Equality Project Launches Comprehensive Manual to empower Adolescents, Parents to break Silence on Sexual and Reproductive Health
The Equality Project recently unveiled an enlightening manual aimed at addressing information barriers surrounding Sexual and Reproductive Health (SRH) between adults and adolescents. The event took place on Friday, January 26, 2024, at the Nkwen Baptist Center, bringing together key stakeholders such as the Regional Delegations of Public Health, Secondary Education, Social Affairs, healthcare providers, and the media. This visually captivating manual tackles the concerns faced by young people regarding their sexual health, covering topics ranging from effective communication to guidance for parents and adults on navigating conversations with younger individuals.
Entitled “Breaking the Silence on SRH,” the manual serves as a guide for both parents and adolescents, providing evidence-based information on the challenges commonly encountered by adolescents. It specifically addresses the increasing prevalence of Sexually Transmitted Infections (STIs) among adolescents, particularly those with limited or no formal education.
Dr. Ambe Lionel, the Focal Point for Sexual Reproductive Health at the Ministry of Health, emphasized the document’s significance during his presentation. Global statistics reveal that by the age of 19, about 42% of young women have already given birth, while 49.1% of girls aged 15 to 19 have initiated reproductive life. The prevalence of early reproductive life is notably higher in rural areas compared to urban areas, with figures of 25.6% and 10.2%, respectively.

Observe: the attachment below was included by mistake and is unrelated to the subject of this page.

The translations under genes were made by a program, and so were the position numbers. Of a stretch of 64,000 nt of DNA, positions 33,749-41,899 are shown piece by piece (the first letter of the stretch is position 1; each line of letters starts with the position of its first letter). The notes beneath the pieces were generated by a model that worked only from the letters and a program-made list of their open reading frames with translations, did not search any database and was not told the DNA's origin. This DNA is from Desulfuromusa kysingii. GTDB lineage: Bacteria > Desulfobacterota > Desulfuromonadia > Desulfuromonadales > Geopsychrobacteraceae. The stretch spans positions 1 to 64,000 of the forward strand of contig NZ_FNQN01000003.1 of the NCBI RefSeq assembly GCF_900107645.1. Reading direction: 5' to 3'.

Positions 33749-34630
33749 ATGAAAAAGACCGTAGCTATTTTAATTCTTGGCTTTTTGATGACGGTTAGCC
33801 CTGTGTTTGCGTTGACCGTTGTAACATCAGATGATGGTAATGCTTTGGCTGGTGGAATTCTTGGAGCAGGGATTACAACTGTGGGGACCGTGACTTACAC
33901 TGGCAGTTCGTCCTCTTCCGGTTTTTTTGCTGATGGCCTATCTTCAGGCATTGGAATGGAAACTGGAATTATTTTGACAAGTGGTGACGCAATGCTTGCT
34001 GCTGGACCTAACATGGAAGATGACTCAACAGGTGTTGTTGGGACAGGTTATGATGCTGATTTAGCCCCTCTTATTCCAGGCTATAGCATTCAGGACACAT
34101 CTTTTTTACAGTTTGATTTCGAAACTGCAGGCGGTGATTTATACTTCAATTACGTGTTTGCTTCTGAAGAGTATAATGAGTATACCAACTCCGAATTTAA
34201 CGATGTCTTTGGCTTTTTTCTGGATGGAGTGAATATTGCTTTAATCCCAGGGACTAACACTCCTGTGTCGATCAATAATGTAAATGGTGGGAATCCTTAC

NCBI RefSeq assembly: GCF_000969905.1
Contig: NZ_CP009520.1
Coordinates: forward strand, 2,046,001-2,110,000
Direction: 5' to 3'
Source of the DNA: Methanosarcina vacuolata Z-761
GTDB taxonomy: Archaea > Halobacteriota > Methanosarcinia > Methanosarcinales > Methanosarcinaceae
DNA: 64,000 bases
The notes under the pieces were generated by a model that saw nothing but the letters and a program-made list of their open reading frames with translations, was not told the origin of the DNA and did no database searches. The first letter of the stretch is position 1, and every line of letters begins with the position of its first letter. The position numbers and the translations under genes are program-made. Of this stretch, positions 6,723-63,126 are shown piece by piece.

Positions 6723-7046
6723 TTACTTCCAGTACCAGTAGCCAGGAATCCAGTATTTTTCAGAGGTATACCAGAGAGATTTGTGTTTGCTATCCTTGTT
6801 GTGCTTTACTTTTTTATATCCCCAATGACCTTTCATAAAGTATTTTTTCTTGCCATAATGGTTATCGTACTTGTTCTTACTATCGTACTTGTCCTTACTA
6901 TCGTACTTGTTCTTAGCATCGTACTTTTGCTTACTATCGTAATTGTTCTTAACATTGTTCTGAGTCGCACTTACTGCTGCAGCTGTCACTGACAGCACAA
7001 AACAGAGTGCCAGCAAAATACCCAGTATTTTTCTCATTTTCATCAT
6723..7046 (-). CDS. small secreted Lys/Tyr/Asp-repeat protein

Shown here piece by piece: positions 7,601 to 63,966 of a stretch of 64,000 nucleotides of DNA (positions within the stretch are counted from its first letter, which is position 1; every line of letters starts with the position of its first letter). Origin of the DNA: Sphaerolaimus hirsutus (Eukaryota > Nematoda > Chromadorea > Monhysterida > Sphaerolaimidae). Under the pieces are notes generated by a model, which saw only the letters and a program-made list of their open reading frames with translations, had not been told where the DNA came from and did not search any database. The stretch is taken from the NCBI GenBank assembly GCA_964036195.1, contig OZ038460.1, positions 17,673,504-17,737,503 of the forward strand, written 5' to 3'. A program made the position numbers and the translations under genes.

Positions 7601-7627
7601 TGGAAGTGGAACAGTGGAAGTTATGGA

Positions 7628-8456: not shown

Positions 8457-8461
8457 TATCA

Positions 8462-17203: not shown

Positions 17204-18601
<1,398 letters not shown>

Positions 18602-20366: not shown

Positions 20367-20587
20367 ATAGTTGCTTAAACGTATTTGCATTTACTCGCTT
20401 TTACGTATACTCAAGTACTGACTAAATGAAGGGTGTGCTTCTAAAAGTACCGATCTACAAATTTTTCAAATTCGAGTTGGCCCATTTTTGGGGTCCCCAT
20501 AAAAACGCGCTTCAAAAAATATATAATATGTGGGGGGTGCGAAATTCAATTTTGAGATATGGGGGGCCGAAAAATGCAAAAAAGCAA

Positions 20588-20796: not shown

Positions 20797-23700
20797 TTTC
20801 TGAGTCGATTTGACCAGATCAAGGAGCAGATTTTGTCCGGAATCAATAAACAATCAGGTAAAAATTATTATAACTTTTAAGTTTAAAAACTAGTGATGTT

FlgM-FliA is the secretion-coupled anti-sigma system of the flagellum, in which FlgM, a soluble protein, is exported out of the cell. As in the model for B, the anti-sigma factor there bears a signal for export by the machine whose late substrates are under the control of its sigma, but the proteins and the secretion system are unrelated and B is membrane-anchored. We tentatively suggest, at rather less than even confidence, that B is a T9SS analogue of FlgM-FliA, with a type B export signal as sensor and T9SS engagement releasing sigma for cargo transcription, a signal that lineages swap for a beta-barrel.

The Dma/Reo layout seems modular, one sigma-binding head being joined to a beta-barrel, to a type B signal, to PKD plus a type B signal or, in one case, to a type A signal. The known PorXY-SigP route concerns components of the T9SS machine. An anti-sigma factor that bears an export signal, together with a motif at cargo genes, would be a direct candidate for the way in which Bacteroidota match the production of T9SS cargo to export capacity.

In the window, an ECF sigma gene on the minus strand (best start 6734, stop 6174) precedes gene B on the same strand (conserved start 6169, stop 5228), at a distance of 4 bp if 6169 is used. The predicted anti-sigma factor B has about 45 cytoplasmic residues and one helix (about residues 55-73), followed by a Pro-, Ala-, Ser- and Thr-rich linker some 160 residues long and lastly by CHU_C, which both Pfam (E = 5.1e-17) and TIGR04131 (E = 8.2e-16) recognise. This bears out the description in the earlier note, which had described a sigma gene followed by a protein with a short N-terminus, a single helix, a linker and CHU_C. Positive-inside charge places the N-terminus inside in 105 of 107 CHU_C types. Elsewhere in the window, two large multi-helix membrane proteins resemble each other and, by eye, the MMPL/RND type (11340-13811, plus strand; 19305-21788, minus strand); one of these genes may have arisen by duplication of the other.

Additionally, it is worth noting that adolescents experience the worst outcomes of HIV-related deaths. Dr. Lionel stated, “This manual provides firsthand information and guidance on addressing challenges that predispose adolescents to risks such as early pregnancies, STIs, and sexual violence.”
The Director of Health Services’ representative, Mr. Wango Barnabas, commended the CBC Health Services for their commitment to working with children and adolescents in various capacities. He expressed his belief that the manual would serve as a valuable resource, offering support to parents and adults seeking to engage in meaningful discussions with the younger generation.
Enthusiastic about the manual’s potential impact, participants pledged their support and commitment to enhancing public discourse and understanding of Sexual and Reproductive Health. Mrs. Awa Fanny, Project Manager of the Equality Project, shared her expectations for stakeholders, urging healthcare providers, religious authorities, and teachers to utilize the manual to educate young people, particularly those living with HIV, and conduct sensitization programs in schools and communal spaces. She highlighted sections in the manual that guide parents in initiating meaningful conversations and initiating SRH education.
This comprehensive manual is designed for use by individuals across all levels of society, catering to both community members and learned persons. It aligns with the project’s objectives of empowering adolescents, fostering resilience, and promoting independence, while also creating safe and supportive communities where adolescent-friendly services can be provided to enable young people to lead healthy lives.